Could bringing premier regionally headquartered business enterprises to the Pennsylvania Avenue Corridor be key to its renewal and revitalization?
The first public meeting for the study is tomorrow night.
... I think the bigger problem with Pennsylvania Avenue is all the commercial space is getting old at the same time, which means the biggest drivers of downtown office space (law firms) are bailing. And you mention, government workers don't spend enough.
In terms of your previous entry, it looks like:
1) resurrect the Pennsylvania Avenue Development Corporation or create a new Business Improvement District
2) Sidewalks are plenty wide
3) It is pretty walkable, but needs more shade
4) Not sure what you can do about the vacancy rate. There are a lot of corporations in the area (AES, Marriott, Advisory Board, Microstrategy) that could use a prestige address but clearly there are reasons they don't want to be in DC. FBI site could be good for this too, but I think we're going to get a lot of buildings torn down in the future.
5) Parking sucks there are a result of garages closing early
6) Civic / cultural anchor --big problem as well, although you have Navy memorial, archives, Newseum, two theatres. Good suggestions on your part.
7) Traffic counts -- yes, on a bike i don't like being exposed in the middle. Also shade again. Could be a world class bike track but instead it is crap.
1. A permanent commercial district revitalization planning and implementation organization is necessary. WRT the first point, while PADC was a good ($, focus and a commitment to action) and bad (superblock buildings, brutalist, dull) initiative, the Federal Government and elected officials focused on "shutting it down when it was done"* not realizing that commercial district revitalization is a never ending story. So yes, a commercial district revitalization organization entity needs to be there and permanently focused on the success of the district.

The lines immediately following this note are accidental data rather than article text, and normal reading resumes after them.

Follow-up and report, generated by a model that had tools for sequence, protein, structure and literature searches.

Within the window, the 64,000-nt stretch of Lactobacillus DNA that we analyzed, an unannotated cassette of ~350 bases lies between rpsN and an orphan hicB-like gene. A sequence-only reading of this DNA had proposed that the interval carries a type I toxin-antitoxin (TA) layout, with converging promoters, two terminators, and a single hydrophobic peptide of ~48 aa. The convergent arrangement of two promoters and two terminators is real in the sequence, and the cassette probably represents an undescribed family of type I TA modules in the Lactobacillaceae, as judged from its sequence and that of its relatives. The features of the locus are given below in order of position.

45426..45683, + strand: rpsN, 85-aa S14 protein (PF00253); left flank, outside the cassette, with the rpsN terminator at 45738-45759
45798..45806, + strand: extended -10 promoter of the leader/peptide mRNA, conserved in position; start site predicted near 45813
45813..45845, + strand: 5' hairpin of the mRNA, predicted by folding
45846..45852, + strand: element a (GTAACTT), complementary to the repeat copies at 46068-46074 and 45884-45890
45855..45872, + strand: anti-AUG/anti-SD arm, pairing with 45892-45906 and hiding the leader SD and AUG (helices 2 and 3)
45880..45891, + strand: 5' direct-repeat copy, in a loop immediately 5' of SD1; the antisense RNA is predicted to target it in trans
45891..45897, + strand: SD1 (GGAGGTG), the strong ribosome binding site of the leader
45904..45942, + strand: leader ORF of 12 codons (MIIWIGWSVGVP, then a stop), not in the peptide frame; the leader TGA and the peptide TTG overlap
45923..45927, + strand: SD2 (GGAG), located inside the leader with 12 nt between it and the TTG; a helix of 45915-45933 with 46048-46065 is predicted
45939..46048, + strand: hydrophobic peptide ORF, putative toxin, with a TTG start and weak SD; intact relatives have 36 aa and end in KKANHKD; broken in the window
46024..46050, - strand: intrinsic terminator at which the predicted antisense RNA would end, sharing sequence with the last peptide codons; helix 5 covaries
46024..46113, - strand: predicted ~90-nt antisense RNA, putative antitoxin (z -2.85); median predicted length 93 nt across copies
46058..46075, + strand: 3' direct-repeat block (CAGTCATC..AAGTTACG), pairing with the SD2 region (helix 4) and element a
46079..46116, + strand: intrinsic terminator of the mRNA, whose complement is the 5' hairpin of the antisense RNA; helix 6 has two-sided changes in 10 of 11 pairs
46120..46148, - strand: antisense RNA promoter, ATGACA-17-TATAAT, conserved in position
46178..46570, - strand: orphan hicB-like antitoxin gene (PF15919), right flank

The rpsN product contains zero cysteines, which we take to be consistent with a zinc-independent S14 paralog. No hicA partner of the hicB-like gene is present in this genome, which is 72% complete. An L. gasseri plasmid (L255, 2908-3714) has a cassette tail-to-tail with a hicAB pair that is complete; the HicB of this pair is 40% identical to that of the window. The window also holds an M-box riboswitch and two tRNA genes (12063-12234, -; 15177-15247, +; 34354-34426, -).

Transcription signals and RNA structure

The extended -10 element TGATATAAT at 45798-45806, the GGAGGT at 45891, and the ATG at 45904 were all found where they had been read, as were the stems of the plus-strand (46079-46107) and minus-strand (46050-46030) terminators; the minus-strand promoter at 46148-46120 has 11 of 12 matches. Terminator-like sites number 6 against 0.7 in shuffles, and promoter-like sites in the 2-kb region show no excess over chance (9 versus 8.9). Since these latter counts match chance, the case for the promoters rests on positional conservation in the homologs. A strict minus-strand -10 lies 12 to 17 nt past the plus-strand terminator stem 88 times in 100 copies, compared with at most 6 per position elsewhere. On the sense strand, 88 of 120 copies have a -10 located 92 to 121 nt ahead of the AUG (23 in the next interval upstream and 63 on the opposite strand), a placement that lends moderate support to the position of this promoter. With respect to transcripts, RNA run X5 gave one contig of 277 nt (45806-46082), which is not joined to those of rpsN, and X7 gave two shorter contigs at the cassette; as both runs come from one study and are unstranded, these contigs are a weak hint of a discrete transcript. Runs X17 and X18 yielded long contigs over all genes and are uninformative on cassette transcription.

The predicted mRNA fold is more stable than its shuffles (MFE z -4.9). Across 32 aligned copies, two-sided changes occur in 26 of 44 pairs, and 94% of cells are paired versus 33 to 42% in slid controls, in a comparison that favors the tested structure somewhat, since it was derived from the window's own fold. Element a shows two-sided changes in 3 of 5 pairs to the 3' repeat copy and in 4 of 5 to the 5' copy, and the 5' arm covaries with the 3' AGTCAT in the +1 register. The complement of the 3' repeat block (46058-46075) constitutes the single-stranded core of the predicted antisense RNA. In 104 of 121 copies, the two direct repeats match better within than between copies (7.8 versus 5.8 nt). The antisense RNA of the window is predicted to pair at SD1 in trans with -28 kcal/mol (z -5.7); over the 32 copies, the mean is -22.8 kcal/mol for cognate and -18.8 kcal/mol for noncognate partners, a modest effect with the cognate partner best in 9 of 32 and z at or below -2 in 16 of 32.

2. The corridor is overdue for refreshment. Charlie makes a great point about the "natural aging of the 'new' building stock" and the need for it to be refreshed "at the same time" and how this contributes to the high vacancy rate, although I think the urban design on the corridor is a big issue too--the street experience is uncongenial, shade being only one issue, but a big one, as he points out.
Note that the buildings becoming obsolete because of age is a similar problem for Southwest DC (Southwest Ecodistrict Plan), Maine Avenue SW, and L'Enfant Plaza.
The Wharf district rebuilding project is just getting underway, and a couple years ago, Waterfront Mall, 4th Street (pictured at left), and most of the old crappy buildings there were reconstructed and the area has become much more vital and alive, especially because of the restoration of 4th Street SW as a through street.
It's a good example of what needs to happen along Pennsylvania Avenue.
3. The Pennsylvania Avenue commercial vacancy rate is a big problem. I agree with Charlie and I meant to emphasize that the FBI vacation is going to worsen this considerably, because it potentially has the ability to add significantly more commercial space to a corridor that has "too much now."
Photo by Terry Berman.
4. Charlie makes a brilliant point, could area premier companies be recruited to new space on the corridor, to headquarter on "America's Main Street" and function as anchors for new economic activity?
WRT the suggestion that one way to absorb the space would be to recruit from the area's premier companies (AES, Marriott, Advisory Board, Microstrategy, etc.) and convince a couple of them to relocate to the city as part of Pennsylvania Avenue's renewal, I think you're right about the difficulty in pulling this off given current conditions.
Note that in the 1990s when people argued that NationsBank should move their headquarters from Charlotte to DC when they bought various banks here, there was no compelling business reason for them to do so.
Revitalizing Pennsylvania Avenue in part through business headquarters recruitment is a kind of extension of the arguments I made in "Naturally occurring innovation districts | Technology districts and the tech sector."
-- Washington Post list of the Largest 200 public and private companies in the DC region